Rent-by-the-minute electric scooters have taken over swathes of North America & Europe, and since November last year they’ve been a fixture in Brisbane. But will tough laws and irresponsible riders spell the end for them before they’ve really arrived? We look at the logistics, the liabilities and the legislation to see if Lime or their competitors can make e-scooters work in Australia.
The story so far
The scooter-share business model took off worldwide in 2017 and ‘18, quickly spreading to over 100 cities as rideshare giants and startups aggressively marketed their competing services.
The first scooter-share company to launch in Australia was Lime through a Brisbane trial last November. By February over 130,000 unique riders had used their service, at which point it was renewed until the middle of this year.
Adelaide followed soon after. A trial was authorised in February this year with Lime but was suspended this April in favour of operators Ride and Beam. This trial is set to end in October when City of Adelaide is expected to decide on permanent regulations for the scooters’ use.
Yet while Brisbane & Adelaide have opened their doors, other cities have kept theirs firmly closed. Every state and territory in Australia has passed legislation either banning e-scooters outright or making them prohibitively difficult for commuters to rent.
But it’s not just the future that’s uncertain for this business in Australia; most of us aren’t even sure how the whole thing works...
How do I use an electric rental scooter?
Electric scooter rentals are found, unlocked, and paid for using the associated provider’s app. GPS locations are displayed on an in-app map. Once found, the smartphone camera is used to scan a QR code on the handlebars, the scooter is unlocked and is ready to ride. Electric scooters are extremely easy to use; a single kick-off is sufficient to get them moving, after which a handlebar-mounted throttle and brake are used to control speed.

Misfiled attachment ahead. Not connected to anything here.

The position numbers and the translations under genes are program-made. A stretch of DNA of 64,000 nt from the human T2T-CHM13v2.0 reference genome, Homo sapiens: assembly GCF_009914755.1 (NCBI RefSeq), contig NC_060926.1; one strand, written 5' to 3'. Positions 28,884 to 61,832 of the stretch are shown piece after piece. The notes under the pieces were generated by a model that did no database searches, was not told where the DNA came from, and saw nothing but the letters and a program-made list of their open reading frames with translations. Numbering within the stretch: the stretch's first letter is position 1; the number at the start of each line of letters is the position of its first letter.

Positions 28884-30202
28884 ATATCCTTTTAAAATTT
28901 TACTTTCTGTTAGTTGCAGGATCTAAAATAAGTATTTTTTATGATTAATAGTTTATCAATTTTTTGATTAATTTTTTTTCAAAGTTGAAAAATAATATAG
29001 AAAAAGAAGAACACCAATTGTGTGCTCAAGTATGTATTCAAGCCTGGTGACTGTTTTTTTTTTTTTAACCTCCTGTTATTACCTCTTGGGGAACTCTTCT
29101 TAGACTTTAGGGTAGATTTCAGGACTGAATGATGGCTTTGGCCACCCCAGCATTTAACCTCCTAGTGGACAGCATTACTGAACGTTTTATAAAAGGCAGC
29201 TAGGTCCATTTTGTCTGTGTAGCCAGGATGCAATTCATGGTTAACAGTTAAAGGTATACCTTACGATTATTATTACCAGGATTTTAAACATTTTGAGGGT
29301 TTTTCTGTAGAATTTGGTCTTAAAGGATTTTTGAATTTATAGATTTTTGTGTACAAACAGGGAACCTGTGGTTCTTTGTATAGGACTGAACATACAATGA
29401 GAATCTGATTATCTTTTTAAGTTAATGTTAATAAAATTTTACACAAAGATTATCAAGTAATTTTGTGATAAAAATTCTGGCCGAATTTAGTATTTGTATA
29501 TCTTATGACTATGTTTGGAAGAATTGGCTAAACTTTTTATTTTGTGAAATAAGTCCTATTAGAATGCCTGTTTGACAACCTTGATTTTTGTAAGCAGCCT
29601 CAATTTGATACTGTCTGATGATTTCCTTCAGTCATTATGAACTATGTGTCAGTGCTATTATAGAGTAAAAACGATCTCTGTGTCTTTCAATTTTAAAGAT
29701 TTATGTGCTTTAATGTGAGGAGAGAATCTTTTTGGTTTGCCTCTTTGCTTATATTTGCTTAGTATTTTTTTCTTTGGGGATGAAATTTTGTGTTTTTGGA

Australian customers with Lime are charged $1 to unlock the scooter and 30c per minute of use. Once parked, the rider takes a photo of where they’ve left it and the ride is complete. Aussie regulations also require the use of helmets while riding, so Lime generally includes one to be used and left with the scooter.
The scooter network is maintained by ‘juicers’ paid to collect, charge, and replace them every night ready for the next days’ commuters. Altogether it’s an incredibly simple model that’s been extremely popular with users and has unprecedented levels of investment.
US-based startup Bird, founded by ex-rideshare executive Travis VanderZanden, became the fastest company ever to reach a $1 billion valuation in 2018.
It’s tough to say whether that investment will be enough to persuade Australian regulators. The actions of a few key cities will likely hold the key to securing their support nationwide. But if we do start seeing e-scooters spread around the country, what will it mean for our cities?
The pros and cons of e-scooters
At only $4 for a 10-minute ride, e-scooters are the first rideshare/rental option that can compete with public transport in affordability. Crossing entire suburbs for a few dollars could revolutionise personal travel in Aussie cities notorious for their suburban sprawl and poor public transport accessibility. A scooter ride becomes especially tempting when it’s faster and cheaper than the bus.
While top speeds vary by regulatory requirements, the 25 km/h available in Brisbane makes e-scooters significantly faster than most people can run; perfect for those trips that are too far to walk but too short for an Uber. The scooters are also extremely easy to use thanks to their lack of gears and wide platform.
But that speed and ease-of-use comes at a cost. Injuries have been a concern in Australia and worldwide, with most cases being linked to irresponsible use by riders.
Queensland Transport Minister Mark Bailey told the Brisbane Times:
“There's a minority of people there who are doing the wrong thing and putting other people at risk. Police will be cracking down on people doing the wrong thing in terms of speeding and not wearing helmets."
Brisbane introduced a $130 fine for riders misusing the scooters in December.
Theft and vandalism are also promising to be an obstacle to e-scooter operators. An estimated 11,000 helmets were stolen from scooters in Brisbane in the first six months of operation. Users have also been found misusing or vandalising the scooters themselves, including a case of hackers playing offensive speech over units’ speakers.
It’s been seen before what a hostile public can do to companies like Lime. Singapore bike-hire platform o-bike abandoned Australia in 2018 after sustaining millions of dollars of losses due to vandalism and destruction. E-scooters won’t just have to convince regulators to succeed, they’ll need to gain and keep the support of the Australian public.
Do electric scooters have a future in Australia? Let us know and check back at the JET Charge blog for more electric vehicle news and updates.